The light from the television cradled his body, electric blue dancing in his eyes, a cool shadow on the other side of the bed. He rolled around, heavy with worry, his head thick with layers of confusion. A glimpse of a laugh, the rush of lapping it up, the memory of leaving. Crashing into him and forcing him to roll over to find a way to rest.
Beneath our bodies, we are constantly putting together a jigsaw puzzle of our portraits. Some of us are fortunate enough to find our own pieces while others need help from outside sources. People come to assist us in the form of friends, family, and lovers. They can often point out the parts that are hiding right under our noses.
And sometimes we take pieces from their puzzle to try to fit them into ours, thus changing the puzzle, thus changing our portrait. Sometimes it works and sometimes it doesn’t. The piece gets stuck and we end up carrying it around with us, even after the person in prior possession of that piece peaces out. The puzzle grows in complexity with all the extraneous parts, making it even harder to form a coherent picture. And when someone new comes along, they have to sort through all the clutter to help us assemble ourselves again. It gets messy and complicated and time-consuming. Some people come with a lot more pieces than others, and some with many more missing parts.
At the precipice of dreams, a hand brushed against his nose. A subtle stroke that stole his sleep. Constantly swiping back and forth, a ghost that gutted him slowly. A thief in the night, an omen of bad luck, proof that God hated him. Each imagined scenario avalanched his peace of mind, his desire to move on, his plea to just forget.
“That was the easy part,” he thought to himself. “The mouth conforms to shape and size and silence. Anyone can figure out the physical. But what lies beyond the bend? What compels someone to desire, devour, then desecrate someone else?”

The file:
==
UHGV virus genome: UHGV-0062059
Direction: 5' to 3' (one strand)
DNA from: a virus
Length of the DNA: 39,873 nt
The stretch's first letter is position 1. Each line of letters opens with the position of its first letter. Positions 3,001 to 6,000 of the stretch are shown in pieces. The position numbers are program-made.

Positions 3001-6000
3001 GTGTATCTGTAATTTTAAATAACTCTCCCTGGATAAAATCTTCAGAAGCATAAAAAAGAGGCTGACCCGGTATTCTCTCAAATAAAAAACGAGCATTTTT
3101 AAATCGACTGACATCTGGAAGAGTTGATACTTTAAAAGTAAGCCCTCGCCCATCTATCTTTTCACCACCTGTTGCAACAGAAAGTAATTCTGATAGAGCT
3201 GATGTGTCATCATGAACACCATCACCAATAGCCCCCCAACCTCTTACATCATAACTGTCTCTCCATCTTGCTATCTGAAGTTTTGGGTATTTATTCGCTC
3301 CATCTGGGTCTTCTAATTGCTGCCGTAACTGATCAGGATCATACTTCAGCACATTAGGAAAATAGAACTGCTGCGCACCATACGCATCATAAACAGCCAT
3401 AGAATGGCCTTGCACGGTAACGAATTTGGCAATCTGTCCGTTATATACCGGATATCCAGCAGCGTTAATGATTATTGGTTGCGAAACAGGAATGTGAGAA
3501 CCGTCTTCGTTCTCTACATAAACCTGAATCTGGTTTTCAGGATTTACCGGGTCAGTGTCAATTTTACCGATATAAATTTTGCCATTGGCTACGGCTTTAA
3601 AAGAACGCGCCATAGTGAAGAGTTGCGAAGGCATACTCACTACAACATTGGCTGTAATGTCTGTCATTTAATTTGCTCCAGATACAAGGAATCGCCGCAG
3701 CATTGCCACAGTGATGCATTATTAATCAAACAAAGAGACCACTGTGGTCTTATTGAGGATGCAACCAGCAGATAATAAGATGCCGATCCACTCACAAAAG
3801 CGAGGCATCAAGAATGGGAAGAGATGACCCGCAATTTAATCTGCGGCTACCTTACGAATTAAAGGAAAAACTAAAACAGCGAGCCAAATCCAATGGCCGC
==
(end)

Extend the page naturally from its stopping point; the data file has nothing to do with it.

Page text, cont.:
It’s a balance of working at that puzzle without feeling the pressure to complete it. Because maybe the puzzle is never really complete. And maybe it’s not meant to be. Maybe it’s a lifelong exchange of pieces between partners, constantly fitting and subtracting, giving and acquiring. The portrait always changes, shifting with our choices, growing as we do, damaged as we are, and falling apart as we come undone.
His eyes finally fell down. Time tripped up the ghost. The words that poured from his fingers told him he would endure. It was the effort of living, the trials of falling, the grace of patience that showed him he had a lot to learn about people and intimacy, fear and greed, boundaries and the boundless hope that still resided in him. For his puzzle, while not nearly complete, was not frayed at the edges or bent in the corners. It wasn’t so much that his pieces had been handled with care. They simply hadn’t been handled at all. But they were just as good as anyone else’s and worth working on. There was potential in those pieces.
But can’t you still enjoy the picture that’s being formed even if there are a few vacant spaces? Maybe that’s the most difficult part. We want the end result, the complete picture. But how often do we stop to appreciate the progress we’ve already made? When he looked at his portrait, he saw something he hadn’t noticed before. It had changed. A few fingers were missing, a part of his left cheek, but while his eyes were closed, both his arms were outstretched. And there was the faintest hint of a smile. Like he was ready.
It was a nice thought but he wondered if he would ever find himself worthy of continuing his puzzle. Was it possible that the empty space between those arms could one day be filled? That his eyes could be opened to all the joy that life could bring? Yes. It was easy to say. Everyone deserves love, right? He could say he was worth it. And maybe someone would one day come along to convince him. But people came and went. He needed to know it for himself. He just couldn’t see how he could. It was a lesson that could take a lifetime to learn.
Maybe the steepest learning curve of all.